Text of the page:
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Algas



Algae fuel


Algae fuel, algae biofuel or algae oil is an alternative to liquid fossil fuels that use algae as a source of energy-rich oils. In addition, algal fuels are an alternative to known biofuel sources such as corn and sugarcane. When made from seaweed (macroalgae) it can be known as seaweed fuel or seaweed oil.


A number of companies and government agencies are funding efforts to reduce capital and operating costs and make algal fuel production commercially viable. Like fossil fuel, algal fuel releases CO2 when burned, but unlike fossil fuel, algal fuel and other biofuels only release CO2 recently removed from the atmosphere via photosynthesis as the algae or plants grow. The energy crisis and the world food crisis have aroused interest in algaculture (agricultural algae) for the production of biodiesel and other biofuels on land unsuitable for agriculture. Among the attractive features of algal fuels are that they can be grown with minimal impact on freshwater resources, can be produced using saline and wastewater, have a high flash point, and are biodegradable and relatively harmless to the environment. if spilled. Algae cost more per unit of mass than other second-generation biofuel crops due to high operating and capital costs, but they claim to produce between 10 and 100 times more fuel per unit area. The US Department of Energy estimates that if algae fuel were to replace all petroleum fuel in the US, it would take 39,000 km2, which is just 0.42% of the US map, or about half the area of Maine land. This is less than 1/7 of the area of ​​corn harvested in the United States in 2000.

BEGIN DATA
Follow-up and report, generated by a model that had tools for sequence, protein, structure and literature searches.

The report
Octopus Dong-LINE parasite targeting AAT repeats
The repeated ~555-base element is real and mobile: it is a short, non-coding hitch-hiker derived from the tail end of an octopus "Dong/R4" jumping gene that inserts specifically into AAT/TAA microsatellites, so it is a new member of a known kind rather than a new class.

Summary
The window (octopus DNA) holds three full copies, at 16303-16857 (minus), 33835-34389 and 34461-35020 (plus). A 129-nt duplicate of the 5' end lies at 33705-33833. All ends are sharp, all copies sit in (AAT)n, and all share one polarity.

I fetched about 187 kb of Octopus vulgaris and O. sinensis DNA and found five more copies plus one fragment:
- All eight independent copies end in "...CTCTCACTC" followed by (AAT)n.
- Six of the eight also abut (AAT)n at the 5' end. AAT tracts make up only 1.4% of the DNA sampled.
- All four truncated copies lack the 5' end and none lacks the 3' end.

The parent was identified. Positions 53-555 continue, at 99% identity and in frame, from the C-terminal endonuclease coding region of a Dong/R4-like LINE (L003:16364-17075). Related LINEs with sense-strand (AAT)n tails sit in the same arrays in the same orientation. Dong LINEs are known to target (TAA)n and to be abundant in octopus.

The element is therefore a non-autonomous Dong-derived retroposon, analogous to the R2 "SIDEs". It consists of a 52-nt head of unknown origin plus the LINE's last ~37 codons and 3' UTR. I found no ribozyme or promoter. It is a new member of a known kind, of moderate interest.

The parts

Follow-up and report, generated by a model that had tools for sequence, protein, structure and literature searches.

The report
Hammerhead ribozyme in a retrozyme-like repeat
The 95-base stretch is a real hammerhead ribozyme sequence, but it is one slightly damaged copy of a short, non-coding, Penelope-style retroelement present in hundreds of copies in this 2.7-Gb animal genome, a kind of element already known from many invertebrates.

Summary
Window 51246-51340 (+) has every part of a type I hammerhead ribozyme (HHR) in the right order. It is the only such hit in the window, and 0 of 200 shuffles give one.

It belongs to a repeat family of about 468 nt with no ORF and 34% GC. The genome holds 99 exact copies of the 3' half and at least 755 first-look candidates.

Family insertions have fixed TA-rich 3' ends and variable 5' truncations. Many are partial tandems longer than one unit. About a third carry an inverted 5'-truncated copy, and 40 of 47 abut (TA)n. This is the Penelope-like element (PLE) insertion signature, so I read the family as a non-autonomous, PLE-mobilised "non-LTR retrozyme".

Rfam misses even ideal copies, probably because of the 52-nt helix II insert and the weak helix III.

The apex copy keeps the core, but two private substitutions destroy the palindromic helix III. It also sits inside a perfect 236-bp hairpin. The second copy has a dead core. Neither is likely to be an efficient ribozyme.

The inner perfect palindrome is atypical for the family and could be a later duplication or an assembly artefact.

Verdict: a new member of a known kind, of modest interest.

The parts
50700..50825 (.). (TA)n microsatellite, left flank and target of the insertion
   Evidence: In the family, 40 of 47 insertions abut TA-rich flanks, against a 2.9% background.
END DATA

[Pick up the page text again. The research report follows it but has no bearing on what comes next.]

The head of the Algal Biomass Organization stated in 2010 that algal fuel could reach price parity with oil in 2018 if production tax credits were granted. However, in 2013, Exxon Mobil President and CEO Rex Tillerson said that after committing to spend up to $600 million over 10 years developing a joint venture with J. Craig Venter's Synthetic Genomics in 2009, Exxon pulled back after four years (and $100 million) when it realized that algal fuel is "probably further away" than 25 years from commercial viability. In 2017, Synthetic Genomics and ExxonMobil reported a breakthrough in joint research into advanced biofuels. The discovery was that they managed to double the lipid content (from 20% in its natural form to 40-55%) in a genetically modified strain of Nannochloropsis gaditana. On the other hand, Solazyme, Sapphire Energy, and Algenol, among others began commercial sale of algae biofuel in 2012 and 2013 and 2015, respectively. In 2017, most efforts were abandoned or changed to other apps, leaving only a few.

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